AFLAC Incorporated (AFL): A Dividend Aristocrat Trading For Less Than 10x Earnings

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AFLAC Incorporated (NYSE:AFL) is a well-known insurance company that has proven to be a very reliable dividend payer over the years. The company has increased its dividend for 33 consecutive years and has plenty of room for continued dividend growth.

AFL Dividend

The insurance business has many attractive characteristics, but AFL’s high exposure to Japan has served as a meaningful headwind over the past few years. The stock currently trades at less than 10x forward earnings, and we hold the stock in our Top 20 Dividend Stocks portfolio.

Among the funds tracked by Insider Monkey, 28 reported long positions in AFLAC Corporation as of the end of September, amassing around 3.10% of the company’s outstanding stock. Ken Griffin’s Citadel Investment Group held around 3.01 million shares, followed by John W. Rogers’ Ariel Investments with a stake of 2.17 million shares

Business Overview

AFL is the number one provider of individual voluntary insurance products at the worksite in the U.S. and protects one in four households in Japan. AFL provides insurance to more than 50 million people worldwide and was founded in 1955.

AFL’s insurance operations generate cash in two ways – policy premiums and investment income. Policy premiums are the company’s primary source of cash flow and are generated from policy renewals and new policies issued.

In Japan, AFL’s key product lines are life insurance and supplemental insurance products such as cancer and medical insurance. In the U.S., AFL’s product line includes income-loss protection (e.g. disability, life), supplemental medical (e.g. dental, vision), and asset-loss protection (e.g. accident, cancer, critical illness). AFL pays cash benefits to policyholders when they get sick or hurt, helping them replace lost income from missed work and asset losses.

AFL also invests its premiums to earn additional income and offer policyholders more competitive premiums and benefits. Investments are matched with AFL’s policy liabilities by both duration and currency.

By geography, AFL generated 72% of its revenue in Japan during 2014. The rest of AFL’s business is in the U.S.

Business Analysis

AFL’s primary competitive advantages are derived from the company’s brand recognition, leading market share, distribution channels, financial strength, and conservative approach to risk management.

The company has operated in the U.S. for 60 years and in Japan for 40 years, building up significant brand equity. Management estimates that about 9 out of 10 people in Japan and the U.S. recognize AFL’s brand. The Aflac Duck was introduced in the U.S. and Japan in 2000 and 2003, respectively, and has further benefited AFL’s recognition.

AFL’s business actions over the years have also positioned the company favorably with consumers. For example, the company introduced its One Day Pay claims initiative in the U.S. in February 2015. One Day Pay focuses on the speed of claims payments and means that AFL processes, approves, and pays a claim in just one day, helping lift policyholders’ financial burden quickly.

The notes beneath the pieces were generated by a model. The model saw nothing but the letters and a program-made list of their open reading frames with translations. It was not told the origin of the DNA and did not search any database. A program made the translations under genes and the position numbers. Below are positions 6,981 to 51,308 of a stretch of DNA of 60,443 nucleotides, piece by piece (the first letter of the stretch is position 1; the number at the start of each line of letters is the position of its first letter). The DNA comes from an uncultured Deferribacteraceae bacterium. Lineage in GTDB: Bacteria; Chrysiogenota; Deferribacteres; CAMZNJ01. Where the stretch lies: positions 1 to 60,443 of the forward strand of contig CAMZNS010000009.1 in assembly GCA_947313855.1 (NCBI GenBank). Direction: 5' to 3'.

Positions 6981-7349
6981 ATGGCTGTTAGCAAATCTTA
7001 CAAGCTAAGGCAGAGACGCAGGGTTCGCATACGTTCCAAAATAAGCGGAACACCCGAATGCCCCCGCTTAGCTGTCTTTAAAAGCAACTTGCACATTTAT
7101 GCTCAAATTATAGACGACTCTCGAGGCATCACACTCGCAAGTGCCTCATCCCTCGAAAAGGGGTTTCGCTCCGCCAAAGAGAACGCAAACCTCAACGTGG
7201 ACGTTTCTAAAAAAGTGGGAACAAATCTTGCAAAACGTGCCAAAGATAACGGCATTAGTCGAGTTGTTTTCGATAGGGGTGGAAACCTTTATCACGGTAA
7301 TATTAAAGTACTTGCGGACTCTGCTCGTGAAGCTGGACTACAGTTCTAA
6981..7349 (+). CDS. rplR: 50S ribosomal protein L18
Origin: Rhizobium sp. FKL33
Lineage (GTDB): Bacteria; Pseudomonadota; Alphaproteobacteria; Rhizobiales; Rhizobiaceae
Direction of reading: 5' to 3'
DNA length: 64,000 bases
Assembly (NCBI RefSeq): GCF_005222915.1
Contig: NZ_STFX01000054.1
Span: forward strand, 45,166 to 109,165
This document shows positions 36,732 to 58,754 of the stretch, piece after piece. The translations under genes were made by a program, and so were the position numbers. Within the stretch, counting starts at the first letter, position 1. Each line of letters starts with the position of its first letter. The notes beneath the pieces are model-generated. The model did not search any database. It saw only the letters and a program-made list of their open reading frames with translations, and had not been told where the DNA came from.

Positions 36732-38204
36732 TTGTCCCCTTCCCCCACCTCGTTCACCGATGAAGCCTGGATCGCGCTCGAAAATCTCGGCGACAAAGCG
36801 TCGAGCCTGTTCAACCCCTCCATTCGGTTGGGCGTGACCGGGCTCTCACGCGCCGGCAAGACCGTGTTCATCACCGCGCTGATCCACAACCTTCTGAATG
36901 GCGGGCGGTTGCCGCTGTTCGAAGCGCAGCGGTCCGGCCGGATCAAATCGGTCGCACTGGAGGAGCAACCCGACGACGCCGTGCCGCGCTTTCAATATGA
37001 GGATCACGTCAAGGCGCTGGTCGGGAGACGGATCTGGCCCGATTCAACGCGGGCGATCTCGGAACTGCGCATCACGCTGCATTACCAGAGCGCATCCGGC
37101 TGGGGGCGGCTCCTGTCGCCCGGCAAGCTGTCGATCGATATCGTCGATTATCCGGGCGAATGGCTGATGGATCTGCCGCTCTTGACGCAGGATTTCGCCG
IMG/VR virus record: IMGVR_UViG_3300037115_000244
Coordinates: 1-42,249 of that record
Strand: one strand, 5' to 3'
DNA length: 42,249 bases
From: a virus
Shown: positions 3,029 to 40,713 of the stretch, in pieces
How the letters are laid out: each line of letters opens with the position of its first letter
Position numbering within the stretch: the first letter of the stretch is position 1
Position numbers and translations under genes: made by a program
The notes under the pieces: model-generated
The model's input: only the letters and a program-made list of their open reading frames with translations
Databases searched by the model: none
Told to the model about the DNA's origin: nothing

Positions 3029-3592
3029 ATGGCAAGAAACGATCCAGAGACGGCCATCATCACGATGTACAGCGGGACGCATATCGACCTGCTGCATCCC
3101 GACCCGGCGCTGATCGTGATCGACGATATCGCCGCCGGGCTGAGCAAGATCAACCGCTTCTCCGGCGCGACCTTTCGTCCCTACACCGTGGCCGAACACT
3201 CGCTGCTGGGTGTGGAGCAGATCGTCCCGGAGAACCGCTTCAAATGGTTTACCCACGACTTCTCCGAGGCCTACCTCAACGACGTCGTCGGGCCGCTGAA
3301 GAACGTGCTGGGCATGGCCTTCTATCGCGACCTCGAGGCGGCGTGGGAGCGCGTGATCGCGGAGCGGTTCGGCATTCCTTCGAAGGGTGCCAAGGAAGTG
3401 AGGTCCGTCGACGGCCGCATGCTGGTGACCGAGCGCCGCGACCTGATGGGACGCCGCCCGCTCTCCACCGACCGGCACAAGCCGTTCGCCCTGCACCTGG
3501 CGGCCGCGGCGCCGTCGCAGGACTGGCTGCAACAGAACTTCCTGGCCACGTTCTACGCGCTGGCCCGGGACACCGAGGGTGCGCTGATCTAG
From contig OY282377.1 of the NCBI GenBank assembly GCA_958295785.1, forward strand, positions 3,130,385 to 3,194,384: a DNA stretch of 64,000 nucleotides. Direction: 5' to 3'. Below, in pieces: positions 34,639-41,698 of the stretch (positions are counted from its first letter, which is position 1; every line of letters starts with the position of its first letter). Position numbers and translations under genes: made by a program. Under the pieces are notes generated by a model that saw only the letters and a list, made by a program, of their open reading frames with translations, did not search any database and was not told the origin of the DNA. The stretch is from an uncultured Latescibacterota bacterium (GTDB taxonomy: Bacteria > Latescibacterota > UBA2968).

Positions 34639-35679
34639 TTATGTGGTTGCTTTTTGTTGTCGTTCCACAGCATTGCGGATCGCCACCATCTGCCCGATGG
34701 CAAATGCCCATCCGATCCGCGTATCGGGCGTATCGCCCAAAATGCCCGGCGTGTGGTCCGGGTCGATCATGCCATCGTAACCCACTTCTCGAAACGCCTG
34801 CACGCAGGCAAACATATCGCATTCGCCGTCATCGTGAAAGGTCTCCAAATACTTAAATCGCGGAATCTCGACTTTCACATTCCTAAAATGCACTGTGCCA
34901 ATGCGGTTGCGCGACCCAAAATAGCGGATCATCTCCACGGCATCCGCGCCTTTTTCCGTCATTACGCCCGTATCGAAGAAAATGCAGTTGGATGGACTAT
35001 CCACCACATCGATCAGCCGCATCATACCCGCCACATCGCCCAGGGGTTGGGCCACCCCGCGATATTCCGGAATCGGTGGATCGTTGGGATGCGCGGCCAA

Getting cash in the hands of policyholders faster than anyone else is very important because they are experiencing a very difficult time of their life. AFL expects to reach over 2 million people with One Day Pay in 2015 and believes that 70% of its policyholders can use One Day Pay for their claims. Actions like these further build up AFL’s brand reputation.

While many insurance markets are fragmented, large players like AFL have meaningfully advantages over their smaller counterparts. Since insurance products are very similar in nature from one supplier to the next, competitors must try to differentiate on quality of service, brand recognition, and financial strength. We already touched on AFL’s strong brand recognition and service, but the company’s sheer size also plays to its advantage.

AFL has built up a strong reputation and massive distribution networks over many decades. With such a large base of premium policies mostly being renewed each year, AFL has the scale to keep its premiums very competitively priced (AFL is the lowest cost provider in many instances) and offer compelling benefits to policyholders that smaller rivals cannot match.

Beyond scale, channel networks, and brand recognition, AFL’s actuarial expertise is another key advantage. For at least the last 10 years, AFL’s annual cash flow from policy premiums has exceeded the policy benefits the company has paid out. In other words, AFL’s actuaries have done an excellent job assessing and pricing risk accordingly. This keeps AFL’s costs very competitive and frees up more funds to be invested for additional income.

It would take new competitors many years and cost a fortune to replicate AFL’s distribution network, brand strength, and actuarial expertise.

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